Council listened to hours of testimony about the Berkeley protests Tuesday night. Photo: Emilie Raguso
The Berkeley City Council meets Tuesday nights at Old City Hall. Photo: Emilie Raguso

Tuesday night, the Berkeley City Council is scheduled to consider new rules to streamline the process for property owners who wish to build accessory dwelling units. Council had been slated, too, to decide whether to expand its mini-dorm ordinance to limit the impacts on neighbors of “group living accommodations” such as fraternities and sororities, but that action has been postponed until April 28. (The public will still be allowed to speak on the issue, however.) There’s also a 5:30 p.m. worksession focused on the budget outlooks for the Parks, Recreation & Waterfront and Public Works departments. 

The worksession

PARKS BUDGET Budget season is ramping up and council is slated to learn, during a 5:30 p.m. worksession, how the Parks, Recreation & Waterfront and Public Works departments are faring. The former’s “historically underfunded capital and major maintenance programs have accelerated the deterioration of park buildings and facilities citywide,” as per the staff report. In November, voters broadly approved Measure F, an increase in the parks tax, to provide some extra money. This year, projects are planned at Virginia McGee Totland, Terrace View, Ohlone Dog Park, Grove Park and John Hinkel, where the clubhouse will be demolished after a fire in January. Among plans on the horizon: Improvements at James Kenney Park in West Berkeley and a master plan for Cesar Chavez Park (2015-17); building projects at San Pablo Park and Aquatic Park (2017-18); and the replacement of the Berkeley Rose Garden trellis (2018-19). Read more about the parks budget.

PUBLIC WORKS PLAN The city may increase its Public Works Department budget by about $1 million annually to begin to address a slew of critical maintenance needs. According to the staff report, the department “has a current budget of $900,000 and an identified deferred maintenance backlog of $16.39 million.” Tuesday, council will receive the department’s five-year plan, which prioritizes the department’s needs. Worth noting: “Not included in this report is the City’s $118 million of seismic retrofit needs.” Read more about the public works budget.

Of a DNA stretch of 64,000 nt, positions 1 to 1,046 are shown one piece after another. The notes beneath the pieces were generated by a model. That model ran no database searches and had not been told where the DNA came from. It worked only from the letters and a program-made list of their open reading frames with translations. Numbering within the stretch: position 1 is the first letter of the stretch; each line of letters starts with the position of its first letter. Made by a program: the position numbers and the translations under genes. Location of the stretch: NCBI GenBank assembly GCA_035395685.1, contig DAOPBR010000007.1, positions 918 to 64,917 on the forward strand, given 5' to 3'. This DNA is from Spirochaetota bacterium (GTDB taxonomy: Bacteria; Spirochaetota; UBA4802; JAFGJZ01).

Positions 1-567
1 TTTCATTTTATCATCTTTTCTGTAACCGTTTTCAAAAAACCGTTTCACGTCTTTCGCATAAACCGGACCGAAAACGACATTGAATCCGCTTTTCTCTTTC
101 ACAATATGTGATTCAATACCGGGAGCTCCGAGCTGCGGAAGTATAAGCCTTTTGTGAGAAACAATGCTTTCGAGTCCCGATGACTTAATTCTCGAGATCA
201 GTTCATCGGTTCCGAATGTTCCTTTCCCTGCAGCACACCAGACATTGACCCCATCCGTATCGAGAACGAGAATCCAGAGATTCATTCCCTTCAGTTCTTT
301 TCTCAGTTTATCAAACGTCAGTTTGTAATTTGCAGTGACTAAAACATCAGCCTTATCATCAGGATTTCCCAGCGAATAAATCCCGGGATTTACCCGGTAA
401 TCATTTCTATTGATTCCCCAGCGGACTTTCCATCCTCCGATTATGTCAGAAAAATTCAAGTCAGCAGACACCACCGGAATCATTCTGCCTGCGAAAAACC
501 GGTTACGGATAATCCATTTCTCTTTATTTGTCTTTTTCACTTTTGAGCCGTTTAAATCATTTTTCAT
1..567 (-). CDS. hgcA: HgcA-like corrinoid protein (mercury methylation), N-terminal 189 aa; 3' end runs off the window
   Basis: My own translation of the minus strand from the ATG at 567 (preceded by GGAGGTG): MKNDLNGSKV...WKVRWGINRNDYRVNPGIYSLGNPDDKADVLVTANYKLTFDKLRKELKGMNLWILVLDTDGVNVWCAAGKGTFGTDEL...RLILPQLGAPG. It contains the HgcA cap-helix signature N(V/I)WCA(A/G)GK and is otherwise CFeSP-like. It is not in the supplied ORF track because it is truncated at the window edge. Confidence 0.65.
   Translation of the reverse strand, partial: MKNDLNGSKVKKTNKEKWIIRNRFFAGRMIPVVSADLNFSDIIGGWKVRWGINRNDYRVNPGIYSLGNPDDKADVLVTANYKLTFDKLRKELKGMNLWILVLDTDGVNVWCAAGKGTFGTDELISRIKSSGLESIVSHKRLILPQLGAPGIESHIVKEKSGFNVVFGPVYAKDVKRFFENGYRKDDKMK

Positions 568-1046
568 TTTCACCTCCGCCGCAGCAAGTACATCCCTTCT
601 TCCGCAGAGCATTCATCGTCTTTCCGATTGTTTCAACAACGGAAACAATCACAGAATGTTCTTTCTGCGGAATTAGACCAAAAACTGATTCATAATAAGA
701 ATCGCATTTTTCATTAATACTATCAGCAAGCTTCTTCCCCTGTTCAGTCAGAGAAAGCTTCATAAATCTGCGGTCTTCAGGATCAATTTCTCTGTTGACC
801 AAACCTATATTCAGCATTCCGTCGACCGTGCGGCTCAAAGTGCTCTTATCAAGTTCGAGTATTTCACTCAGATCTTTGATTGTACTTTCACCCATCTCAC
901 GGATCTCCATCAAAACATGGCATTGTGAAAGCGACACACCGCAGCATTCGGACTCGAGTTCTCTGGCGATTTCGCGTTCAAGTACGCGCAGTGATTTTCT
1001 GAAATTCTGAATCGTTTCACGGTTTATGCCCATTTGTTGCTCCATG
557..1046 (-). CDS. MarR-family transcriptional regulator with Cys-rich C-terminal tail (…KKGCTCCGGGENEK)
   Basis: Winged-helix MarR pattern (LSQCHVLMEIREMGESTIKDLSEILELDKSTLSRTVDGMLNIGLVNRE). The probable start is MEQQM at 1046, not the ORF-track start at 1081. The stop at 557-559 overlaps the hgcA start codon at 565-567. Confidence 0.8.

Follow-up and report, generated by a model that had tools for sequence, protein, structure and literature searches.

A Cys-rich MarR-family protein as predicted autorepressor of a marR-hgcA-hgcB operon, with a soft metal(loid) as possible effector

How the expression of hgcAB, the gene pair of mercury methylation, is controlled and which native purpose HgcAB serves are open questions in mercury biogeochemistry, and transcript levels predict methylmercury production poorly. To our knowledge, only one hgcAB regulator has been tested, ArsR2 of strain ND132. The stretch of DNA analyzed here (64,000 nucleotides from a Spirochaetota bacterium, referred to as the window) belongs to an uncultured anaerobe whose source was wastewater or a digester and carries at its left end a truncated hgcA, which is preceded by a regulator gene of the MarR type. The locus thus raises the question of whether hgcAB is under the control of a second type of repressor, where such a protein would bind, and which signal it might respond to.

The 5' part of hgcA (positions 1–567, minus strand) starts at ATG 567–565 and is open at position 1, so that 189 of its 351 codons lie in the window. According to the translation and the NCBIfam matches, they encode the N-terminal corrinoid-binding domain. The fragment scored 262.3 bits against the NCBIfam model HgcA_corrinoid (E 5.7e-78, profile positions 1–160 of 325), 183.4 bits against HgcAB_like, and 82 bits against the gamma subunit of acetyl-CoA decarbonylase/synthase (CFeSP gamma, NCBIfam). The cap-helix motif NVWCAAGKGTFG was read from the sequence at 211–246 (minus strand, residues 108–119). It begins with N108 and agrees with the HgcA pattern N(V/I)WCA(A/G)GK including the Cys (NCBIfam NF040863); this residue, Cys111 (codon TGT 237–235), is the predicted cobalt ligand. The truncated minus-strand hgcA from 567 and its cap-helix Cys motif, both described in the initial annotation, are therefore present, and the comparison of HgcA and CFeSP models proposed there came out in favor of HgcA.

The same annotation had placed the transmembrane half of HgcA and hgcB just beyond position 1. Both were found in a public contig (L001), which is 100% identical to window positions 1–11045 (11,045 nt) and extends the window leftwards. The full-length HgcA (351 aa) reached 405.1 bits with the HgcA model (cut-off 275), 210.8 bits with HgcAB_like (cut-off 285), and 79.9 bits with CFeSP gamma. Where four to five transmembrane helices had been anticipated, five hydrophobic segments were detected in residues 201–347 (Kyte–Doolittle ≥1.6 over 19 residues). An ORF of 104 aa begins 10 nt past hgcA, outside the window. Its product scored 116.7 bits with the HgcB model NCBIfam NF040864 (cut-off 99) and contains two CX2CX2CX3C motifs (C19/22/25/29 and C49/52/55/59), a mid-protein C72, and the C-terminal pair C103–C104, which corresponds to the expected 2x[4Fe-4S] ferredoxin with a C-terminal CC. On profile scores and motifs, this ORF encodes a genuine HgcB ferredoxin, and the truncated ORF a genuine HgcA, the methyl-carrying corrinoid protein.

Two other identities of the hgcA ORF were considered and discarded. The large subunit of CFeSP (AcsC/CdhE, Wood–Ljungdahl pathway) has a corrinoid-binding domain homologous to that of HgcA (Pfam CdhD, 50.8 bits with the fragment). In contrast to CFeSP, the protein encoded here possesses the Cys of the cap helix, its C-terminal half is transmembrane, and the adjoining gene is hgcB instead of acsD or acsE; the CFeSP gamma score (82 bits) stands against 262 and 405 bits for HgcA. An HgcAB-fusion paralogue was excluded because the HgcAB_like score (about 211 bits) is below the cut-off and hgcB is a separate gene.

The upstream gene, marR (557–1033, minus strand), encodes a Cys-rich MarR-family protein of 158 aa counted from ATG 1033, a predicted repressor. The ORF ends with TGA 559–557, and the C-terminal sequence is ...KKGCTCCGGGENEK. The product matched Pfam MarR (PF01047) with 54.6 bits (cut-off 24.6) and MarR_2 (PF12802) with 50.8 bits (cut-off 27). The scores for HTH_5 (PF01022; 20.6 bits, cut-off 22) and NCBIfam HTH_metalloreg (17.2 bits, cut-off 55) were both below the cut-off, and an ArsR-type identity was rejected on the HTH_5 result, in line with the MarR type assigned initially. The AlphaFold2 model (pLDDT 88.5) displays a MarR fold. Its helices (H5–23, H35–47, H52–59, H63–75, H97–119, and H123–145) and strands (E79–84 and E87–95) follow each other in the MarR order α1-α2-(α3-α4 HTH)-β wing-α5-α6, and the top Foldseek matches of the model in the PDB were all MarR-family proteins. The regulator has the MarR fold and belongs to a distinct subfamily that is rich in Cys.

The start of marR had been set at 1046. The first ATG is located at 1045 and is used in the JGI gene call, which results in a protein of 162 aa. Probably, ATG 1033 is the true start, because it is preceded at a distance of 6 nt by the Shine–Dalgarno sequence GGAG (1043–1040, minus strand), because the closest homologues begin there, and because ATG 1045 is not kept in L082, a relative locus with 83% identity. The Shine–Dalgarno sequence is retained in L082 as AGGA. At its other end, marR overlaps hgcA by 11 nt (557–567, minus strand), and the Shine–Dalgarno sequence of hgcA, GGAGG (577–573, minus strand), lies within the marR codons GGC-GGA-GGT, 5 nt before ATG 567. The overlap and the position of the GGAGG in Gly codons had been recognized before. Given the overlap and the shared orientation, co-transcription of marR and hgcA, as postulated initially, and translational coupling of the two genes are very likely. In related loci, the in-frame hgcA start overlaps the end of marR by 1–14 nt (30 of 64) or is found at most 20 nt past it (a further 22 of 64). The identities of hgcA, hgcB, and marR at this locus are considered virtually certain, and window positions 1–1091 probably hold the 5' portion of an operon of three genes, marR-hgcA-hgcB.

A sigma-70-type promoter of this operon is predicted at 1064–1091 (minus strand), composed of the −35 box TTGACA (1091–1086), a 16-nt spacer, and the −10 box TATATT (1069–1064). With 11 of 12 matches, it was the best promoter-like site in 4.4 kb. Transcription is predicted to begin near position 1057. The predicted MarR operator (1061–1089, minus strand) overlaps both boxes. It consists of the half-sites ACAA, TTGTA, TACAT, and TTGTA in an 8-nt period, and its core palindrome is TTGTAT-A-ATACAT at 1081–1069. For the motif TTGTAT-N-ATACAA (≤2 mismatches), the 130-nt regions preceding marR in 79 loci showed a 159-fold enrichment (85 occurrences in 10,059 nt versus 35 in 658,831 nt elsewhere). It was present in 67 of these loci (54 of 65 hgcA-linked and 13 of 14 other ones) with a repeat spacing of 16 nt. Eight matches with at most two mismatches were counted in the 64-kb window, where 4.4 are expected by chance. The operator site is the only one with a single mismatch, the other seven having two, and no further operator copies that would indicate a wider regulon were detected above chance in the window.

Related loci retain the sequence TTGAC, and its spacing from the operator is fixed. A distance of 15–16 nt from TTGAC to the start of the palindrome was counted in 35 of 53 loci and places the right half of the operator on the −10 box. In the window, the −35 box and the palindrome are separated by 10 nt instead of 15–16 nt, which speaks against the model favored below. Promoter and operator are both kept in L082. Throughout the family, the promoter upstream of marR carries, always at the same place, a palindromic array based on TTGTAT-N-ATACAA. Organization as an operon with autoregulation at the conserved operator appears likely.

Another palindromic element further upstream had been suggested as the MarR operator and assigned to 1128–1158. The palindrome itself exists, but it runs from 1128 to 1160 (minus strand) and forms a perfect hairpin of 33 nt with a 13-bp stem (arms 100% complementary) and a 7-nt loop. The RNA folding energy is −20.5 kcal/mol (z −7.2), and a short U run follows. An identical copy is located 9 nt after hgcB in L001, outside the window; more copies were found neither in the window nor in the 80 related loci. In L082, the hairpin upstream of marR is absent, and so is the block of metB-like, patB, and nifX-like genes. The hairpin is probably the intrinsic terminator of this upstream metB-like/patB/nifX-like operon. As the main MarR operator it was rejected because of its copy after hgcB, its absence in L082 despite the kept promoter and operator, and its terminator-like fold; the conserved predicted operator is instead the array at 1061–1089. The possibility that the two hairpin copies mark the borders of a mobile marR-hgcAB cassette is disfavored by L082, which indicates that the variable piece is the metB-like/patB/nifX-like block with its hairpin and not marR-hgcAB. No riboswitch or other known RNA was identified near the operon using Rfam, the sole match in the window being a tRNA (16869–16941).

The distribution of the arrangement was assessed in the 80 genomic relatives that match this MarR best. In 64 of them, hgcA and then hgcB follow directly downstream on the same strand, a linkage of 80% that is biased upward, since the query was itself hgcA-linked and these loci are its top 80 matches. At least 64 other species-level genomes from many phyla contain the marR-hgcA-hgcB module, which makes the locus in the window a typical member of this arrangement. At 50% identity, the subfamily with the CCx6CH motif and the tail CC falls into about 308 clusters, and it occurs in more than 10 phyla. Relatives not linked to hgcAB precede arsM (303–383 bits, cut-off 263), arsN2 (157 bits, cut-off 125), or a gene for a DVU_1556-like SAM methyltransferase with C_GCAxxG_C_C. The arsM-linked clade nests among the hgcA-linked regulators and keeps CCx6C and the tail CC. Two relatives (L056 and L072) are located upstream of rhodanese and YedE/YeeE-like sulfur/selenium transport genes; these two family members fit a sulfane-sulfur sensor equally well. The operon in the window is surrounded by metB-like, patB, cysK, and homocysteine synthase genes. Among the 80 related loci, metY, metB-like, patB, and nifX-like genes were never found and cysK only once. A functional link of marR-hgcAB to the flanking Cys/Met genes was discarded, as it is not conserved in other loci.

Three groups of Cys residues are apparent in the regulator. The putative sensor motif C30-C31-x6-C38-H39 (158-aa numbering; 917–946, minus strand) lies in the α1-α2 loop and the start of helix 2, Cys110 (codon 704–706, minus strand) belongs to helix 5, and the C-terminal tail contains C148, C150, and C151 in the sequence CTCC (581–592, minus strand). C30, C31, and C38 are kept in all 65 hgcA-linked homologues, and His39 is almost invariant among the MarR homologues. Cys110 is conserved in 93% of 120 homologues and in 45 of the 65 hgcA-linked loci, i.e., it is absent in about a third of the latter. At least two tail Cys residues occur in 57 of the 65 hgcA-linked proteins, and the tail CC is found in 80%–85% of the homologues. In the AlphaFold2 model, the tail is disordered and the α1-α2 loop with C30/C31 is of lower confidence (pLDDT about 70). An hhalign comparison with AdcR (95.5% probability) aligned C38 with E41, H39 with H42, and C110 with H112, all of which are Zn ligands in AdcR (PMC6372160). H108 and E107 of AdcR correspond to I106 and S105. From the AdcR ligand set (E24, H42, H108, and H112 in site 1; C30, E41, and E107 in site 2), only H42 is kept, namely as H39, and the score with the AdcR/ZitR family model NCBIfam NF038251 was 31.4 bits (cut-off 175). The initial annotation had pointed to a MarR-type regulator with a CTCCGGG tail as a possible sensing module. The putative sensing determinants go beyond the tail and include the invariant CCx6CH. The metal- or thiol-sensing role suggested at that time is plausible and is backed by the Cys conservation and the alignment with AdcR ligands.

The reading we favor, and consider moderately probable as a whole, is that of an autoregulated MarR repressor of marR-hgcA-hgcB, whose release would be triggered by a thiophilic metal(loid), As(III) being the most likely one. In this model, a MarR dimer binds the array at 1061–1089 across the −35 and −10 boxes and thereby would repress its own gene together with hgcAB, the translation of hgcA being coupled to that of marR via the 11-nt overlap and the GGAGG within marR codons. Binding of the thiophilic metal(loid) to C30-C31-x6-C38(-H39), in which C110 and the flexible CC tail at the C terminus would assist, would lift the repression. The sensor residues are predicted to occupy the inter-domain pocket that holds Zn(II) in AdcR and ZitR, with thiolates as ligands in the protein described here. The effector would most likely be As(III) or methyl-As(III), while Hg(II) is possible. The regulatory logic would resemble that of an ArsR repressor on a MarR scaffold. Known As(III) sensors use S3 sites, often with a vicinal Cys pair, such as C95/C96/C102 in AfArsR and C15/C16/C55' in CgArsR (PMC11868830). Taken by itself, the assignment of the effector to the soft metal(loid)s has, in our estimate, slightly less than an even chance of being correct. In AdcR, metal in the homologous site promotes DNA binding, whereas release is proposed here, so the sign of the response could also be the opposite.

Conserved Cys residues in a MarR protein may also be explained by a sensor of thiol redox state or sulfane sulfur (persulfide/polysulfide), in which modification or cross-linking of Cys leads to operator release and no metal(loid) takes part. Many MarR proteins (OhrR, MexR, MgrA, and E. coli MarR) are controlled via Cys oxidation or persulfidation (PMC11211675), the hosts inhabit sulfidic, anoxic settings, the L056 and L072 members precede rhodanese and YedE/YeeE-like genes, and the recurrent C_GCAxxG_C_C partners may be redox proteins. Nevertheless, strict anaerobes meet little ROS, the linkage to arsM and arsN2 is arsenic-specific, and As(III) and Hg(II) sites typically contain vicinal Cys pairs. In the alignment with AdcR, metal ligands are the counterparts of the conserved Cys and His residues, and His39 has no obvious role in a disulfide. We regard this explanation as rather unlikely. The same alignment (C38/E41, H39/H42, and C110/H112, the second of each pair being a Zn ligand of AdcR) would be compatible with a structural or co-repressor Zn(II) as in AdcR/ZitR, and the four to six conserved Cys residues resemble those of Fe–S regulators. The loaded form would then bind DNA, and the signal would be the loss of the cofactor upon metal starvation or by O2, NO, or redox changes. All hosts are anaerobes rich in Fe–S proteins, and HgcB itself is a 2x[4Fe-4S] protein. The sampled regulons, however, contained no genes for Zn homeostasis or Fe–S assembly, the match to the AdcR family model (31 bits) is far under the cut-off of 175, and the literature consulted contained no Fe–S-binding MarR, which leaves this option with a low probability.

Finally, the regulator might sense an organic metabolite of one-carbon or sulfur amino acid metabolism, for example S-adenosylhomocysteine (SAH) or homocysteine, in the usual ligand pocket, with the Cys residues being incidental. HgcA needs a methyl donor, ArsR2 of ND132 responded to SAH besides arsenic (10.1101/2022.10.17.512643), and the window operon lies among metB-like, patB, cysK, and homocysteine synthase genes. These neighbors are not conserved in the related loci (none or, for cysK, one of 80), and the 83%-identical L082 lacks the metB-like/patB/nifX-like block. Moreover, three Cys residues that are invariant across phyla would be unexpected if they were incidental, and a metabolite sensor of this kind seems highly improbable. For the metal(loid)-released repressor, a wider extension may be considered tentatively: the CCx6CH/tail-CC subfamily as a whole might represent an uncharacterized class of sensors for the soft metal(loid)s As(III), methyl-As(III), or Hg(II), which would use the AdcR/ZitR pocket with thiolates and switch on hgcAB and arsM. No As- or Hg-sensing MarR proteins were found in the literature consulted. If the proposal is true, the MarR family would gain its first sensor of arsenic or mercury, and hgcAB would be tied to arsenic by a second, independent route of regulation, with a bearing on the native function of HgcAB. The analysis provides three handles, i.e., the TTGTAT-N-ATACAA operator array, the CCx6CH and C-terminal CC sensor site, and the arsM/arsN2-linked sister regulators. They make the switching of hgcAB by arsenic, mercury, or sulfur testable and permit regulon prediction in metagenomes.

The action calendar

MINI DORMS Council was scheduled to hear two new items related to residential property matters: adjustments to its mini-dorm ordinance and zoning changes proposed to make it easier for homeowners to build accessory dwelling units. The mini-dorm item — which would have imposed additional requirements on mini-dorms as well as group living accommodations such as fraternities and sororities — has been postponed until April 28, “to maximize public participation in the policy discussion about this council item,” according to the city manager’s office. (Students are off this week for Spring Break, and the item is closely tied to student life.) The proposal, from the city manager’s office, said the goal is to crack down on a slew of problems than can crop up in higher-density housing, which “impair the quiet enjoyment of the surrounding neighborhoods by creating trash and litter, creating excess parking demand, and being the location of numerous loud and unruly parties.” Members of the public should still have a chance to speak. Read the proposal, along with past Berkeleyside coverage of the issue.